Moscow: Following are brief accounts of Visawanathan Anand's World Championship titles:
2000-2001 New Delhi-Iran: Won for the first time winning in knockout format. Starting with 128 players, Anand marched his way ahead in New Delhi to set up the finale with Alexey Shirov of Spain. It was a six-games final that lasted only till the fourth. Anand won three and drew one at Tehran in Iran to be crowned the world champion.
2007 Mexico City (Mexico): Pitted against the best in the world in a match tournament spread over 14-games between eight players, Anand was in his elements and won this event in style. This also gave him the right to play the next world championship in a match format against the seemingly invincible Vladimir Kramnik of Russia.
2008 Bonn (Germany): The World championship was back to a match format, something which the chess world had been craving for a long time. Anand started as the underdog against Kramnik but the entire world saw a grand transformation in the Indian. It was a 12-games match that ended after 11. Anand won three, lost one and drew the remaining seven to reach 6.5 points. The transformation was in preparation. Kramnik was simply outdone thanks to some extremely well done homework. Anand became the first player in the history to win world championship in three different formats: Knock out, match tournament and match.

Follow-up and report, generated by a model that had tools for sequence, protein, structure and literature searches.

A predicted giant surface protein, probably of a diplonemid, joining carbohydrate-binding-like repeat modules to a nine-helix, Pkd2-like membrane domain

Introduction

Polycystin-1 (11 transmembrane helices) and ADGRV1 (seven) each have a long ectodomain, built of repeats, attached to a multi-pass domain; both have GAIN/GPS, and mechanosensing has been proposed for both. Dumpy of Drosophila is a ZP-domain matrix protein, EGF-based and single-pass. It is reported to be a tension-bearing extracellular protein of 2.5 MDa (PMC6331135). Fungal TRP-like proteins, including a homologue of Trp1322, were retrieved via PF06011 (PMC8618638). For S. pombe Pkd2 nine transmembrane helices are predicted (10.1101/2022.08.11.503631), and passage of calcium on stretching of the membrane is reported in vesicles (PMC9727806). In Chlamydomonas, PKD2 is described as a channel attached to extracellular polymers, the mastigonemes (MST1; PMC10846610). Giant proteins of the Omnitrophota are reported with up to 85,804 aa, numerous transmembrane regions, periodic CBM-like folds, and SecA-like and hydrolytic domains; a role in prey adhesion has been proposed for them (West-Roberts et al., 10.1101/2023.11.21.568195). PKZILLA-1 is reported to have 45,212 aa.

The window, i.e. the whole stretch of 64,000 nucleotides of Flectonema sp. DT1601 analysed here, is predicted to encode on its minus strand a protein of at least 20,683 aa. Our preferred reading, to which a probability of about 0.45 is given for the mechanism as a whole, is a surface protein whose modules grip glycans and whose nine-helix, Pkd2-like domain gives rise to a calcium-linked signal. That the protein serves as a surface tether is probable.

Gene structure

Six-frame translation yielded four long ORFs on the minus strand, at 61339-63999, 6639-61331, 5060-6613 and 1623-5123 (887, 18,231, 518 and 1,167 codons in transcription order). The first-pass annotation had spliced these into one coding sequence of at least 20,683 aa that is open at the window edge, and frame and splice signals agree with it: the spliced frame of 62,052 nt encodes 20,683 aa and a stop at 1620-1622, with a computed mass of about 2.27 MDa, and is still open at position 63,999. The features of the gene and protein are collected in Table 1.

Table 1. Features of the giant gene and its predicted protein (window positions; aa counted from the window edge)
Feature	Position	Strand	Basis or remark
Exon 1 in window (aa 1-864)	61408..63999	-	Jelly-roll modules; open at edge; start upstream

2010 Sofia (Bulgaria): It was eruption of an Icelandic volcano that disrupted all flights across Europe. Anand had to undertake a 30-hours journey by road to reach Sofia. He asked for three days extension but was granted only one day. He was playing against all odds against the lion - Veselin Topalov in his own den. Anand started with a first round loss but won the title winning the last game with black pieces. The loss was shattering for Topalov. He slipped from being the top player then to number 12 now.
2012 Moscow: The toughest title clash for Anand ended in the tie-breaker. Boris Gelfand was written off much before the match started. Anand was an overwhelming favourite but the Israeli gave it all he had. He even came close to winning one of the rapid tie-break games, hard to predict what might have happened had he won that simple position. Yet, all the credit to Anand. He struck when it mattered. Whether it was the eighth game after he lost the seventh or the rapid games when he pushed Gelfand around in equal position. After a 6-6 deadlock, a 2.5-1.5 triumph for the world champion in the rapid games.